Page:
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Education Honours College

Meet Patrick!

Patrick Rieder
Patrick Rieder
  1. Tell us something about yourself. What are you passionate about?

I started my academic journey in Passau where I studied Management and Finance. I spent a semester in London and managed to survive for more than a month in post-revolution Cairo (an unbelievably valuable experience). At some point I realized I would have to choose a profession soon and did a few internships in the real estate industry as I always found our built environment fascinating.  I am a bit of an impatient person and wanted to finish my studies early. I also wanted to go abroad one more time and study at a great university, that's why I chose Groningen where I followed the one-year master’s programme in Real Estate Studies. During that time, I also followed the Master´s Honours Programme.

Today I work as a project manager in real estate development for a large asset management company based in Munich, mostly on international projects. I chose to work in the real estate industry as it combines many different areas. The range of topics and tasks you get involved in by working in this field is something which I enjoy a lot.

I would describe myself more as a generalist rather than a specialist, I'm passionate about diving into different topics and trying to combine them. Being in an international environment, learning about different cultures and trying new activities and food are some of the things that excite me.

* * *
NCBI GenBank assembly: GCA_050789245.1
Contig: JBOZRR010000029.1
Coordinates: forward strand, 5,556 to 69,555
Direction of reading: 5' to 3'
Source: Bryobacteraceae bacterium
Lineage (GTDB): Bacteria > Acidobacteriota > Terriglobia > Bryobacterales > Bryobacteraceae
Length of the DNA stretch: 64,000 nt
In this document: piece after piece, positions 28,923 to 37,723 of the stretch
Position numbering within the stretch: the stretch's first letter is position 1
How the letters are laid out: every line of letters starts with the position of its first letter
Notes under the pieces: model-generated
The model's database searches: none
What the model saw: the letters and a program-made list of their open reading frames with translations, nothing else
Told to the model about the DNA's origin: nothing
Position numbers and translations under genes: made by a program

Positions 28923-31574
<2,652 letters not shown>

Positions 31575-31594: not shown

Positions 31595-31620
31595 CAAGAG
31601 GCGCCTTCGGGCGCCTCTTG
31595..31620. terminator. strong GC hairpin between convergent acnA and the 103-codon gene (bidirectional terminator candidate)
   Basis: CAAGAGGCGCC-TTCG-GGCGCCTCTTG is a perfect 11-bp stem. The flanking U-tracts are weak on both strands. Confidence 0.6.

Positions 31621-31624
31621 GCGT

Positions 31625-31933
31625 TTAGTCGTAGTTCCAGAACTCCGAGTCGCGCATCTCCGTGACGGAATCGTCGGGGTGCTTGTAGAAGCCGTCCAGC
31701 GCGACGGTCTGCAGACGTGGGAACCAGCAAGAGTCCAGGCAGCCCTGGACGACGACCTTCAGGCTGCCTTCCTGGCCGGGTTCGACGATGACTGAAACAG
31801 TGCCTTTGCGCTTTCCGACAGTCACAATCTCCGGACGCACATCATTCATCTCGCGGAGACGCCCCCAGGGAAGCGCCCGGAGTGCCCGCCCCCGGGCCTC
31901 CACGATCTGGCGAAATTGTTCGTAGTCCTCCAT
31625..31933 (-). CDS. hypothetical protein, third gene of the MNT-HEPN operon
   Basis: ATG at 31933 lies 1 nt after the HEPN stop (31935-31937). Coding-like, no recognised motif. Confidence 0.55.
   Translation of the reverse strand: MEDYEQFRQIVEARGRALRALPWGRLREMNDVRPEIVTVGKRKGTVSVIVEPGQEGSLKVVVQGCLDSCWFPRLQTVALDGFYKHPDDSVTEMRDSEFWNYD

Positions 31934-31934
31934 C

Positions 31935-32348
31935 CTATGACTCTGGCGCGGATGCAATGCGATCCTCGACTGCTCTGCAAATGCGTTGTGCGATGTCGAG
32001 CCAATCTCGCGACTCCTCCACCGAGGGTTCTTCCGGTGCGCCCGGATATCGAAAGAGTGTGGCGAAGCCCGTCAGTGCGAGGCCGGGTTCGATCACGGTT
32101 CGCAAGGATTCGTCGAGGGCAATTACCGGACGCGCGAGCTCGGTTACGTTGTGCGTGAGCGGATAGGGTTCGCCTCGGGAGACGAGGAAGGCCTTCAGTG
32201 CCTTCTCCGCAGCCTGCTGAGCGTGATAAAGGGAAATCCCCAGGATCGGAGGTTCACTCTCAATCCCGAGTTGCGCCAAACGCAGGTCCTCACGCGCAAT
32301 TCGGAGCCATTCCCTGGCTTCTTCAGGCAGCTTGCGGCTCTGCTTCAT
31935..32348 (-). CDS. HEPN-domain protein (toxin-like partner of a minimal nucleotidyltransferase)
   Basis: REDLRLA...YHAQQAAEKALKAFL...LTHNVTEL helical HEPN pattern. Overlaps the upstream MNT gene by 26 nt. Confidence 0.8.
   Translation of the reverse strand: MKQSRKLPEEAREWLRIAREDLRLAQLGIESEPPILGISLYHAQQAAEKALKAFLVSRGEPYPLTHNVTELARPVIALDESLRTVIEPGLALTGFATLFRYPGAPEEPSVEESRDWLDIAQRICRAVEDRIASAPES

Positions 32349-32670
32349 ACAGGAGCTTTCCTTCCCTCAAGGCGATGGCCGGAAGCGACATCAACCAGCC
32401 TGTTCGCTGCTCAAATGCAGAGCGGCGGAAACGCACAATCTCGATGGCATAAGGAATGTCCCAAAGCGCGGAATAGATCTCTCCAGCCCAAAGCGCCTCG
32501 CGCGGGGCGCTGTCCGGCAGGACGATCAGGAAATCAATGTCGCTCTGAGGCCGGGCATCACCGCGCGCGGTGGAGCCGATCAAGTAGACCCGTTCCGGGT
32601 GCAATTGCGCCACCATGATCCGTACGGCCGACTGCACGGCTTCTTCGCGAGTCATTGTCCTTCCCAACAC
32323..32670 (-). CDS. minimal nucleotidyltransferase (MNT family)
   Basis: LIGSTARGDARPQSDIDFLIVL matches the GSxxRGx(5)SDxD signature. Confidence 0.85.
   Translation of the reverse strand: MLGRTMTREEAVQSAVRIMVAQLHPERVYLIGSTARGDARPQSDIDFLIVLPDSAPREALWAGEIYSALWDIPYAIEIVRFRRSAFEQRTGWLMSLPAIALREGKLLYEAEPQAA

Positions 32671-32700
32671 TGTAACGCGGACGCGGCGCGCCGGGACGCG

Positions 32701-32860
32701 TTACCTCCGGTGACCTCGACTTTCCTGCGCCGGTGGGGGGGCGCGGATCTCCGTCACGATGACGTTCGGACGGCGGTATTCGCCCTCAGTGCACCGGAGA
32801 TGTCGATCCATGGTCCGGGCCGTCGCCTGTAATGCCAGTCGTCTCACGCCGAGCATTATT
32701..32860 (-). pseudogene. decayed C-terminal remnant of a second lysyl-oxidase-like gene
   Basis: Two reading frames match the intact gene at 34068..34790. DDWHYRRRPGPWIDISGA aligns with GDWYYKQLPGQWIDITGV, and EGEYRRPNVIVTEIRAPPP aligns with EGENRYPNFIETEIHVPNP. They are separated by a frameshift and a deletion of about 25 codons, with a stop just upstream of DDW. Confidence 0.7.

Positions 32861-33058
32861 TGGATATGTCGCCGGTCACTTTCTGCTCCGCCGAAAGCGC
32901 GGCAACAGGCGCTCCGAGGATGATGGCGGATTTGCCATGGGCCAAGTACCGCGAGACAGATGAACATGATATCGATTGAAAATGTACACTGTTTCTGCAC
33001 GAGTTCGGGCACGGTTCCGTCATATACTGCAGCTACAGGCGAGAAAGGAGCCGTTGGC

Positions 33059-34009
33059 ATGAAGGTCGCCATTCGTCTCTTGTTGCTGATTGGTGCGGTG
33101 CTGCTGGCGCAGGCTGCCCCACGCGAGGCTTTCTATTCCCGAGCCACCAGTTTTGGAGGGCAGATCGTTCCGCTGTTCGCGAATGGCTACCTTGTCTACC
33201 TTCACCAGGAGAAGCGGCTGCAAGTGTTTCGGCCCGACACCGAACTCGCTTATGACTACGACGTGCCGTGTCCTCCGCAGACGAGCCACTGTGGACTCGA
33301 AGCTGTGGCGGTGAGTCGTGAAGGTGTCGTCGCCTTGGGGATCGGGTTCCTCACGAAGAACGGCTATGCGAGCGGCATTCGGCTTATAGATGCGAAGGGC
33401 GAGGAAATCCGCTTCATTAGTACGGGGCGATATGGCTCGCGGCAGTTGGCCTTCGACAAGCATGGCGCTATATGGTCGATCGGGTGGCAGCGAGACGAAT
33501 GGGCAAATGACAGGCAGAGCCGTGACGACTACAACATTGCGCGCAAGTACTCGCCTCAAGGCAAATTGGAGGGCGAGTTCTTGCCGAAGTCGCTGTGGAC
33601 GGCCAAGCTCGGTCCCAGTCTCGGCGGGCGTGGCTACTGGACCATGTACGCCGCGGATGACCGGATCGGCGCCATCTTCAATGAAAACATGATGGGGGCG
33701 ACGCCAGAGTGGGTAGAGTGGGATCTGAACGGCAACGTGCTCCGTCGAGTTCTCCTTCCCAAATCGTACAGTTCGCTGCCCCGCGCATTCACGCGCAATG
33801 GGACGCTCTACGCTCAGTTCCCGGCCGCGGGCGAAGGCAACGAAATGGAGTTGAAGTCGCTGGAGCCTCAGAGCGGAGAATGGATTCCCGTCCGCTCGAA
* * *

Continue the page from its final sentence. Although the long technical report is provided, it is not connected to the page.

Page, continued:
1. How would you describe the Honours College?

The Honours College is a community where like-minded students from diverse backgrounds come together. Students, who are curious and enthusiastic and willing to look across the borders of their discipline. Everyone is wired in a way that they want a bit more from life than what is “normal”. And lecturers who are passionate about working with these students. Put all of them in one room and you will always leave it a little smarter or more inspired.

  1. How has your Honours College experience helped you be a better contributor to your current employer and society?

Firstly, it helped me a lot to reflect on my own actions, successes, and failures at work. In your regular study programme, you are often too caught up in memorizing facts and trying to understand pre-defined without exploring your inner self too much. The Honours Master Programme is a lot about self-reflection. During the entire year you are supposed to follow a personal development plan you create in coordination with your mentor. I used a diary in which I would write down my reflections. I still look at it from time to time and have never really stopped writing down my reflections and goals ever since.

Secondly, it taught me the importance of empathy. Following my personal development plan, I wanted to dive deeper into the psychology of leadership. In a Master Class focused on body language leadership was broken down to its fundamentals by us working with physical gestures only, trying to influence groups or individual people. You have to pay very close attention to the other person's behavior and reactions if you are not allowed to talk. Once you develop empathy and sense the atmosphere in a group, leading others can be easy and sometimes it is not even clear in the first place who the actual leader is. This influence can happen in a very quiet way as well. I think the biggest mistake you can make at work is not showing humanity. I'm convinced that being human and honest towards yourself and others is the right strategy to be successful in the long run.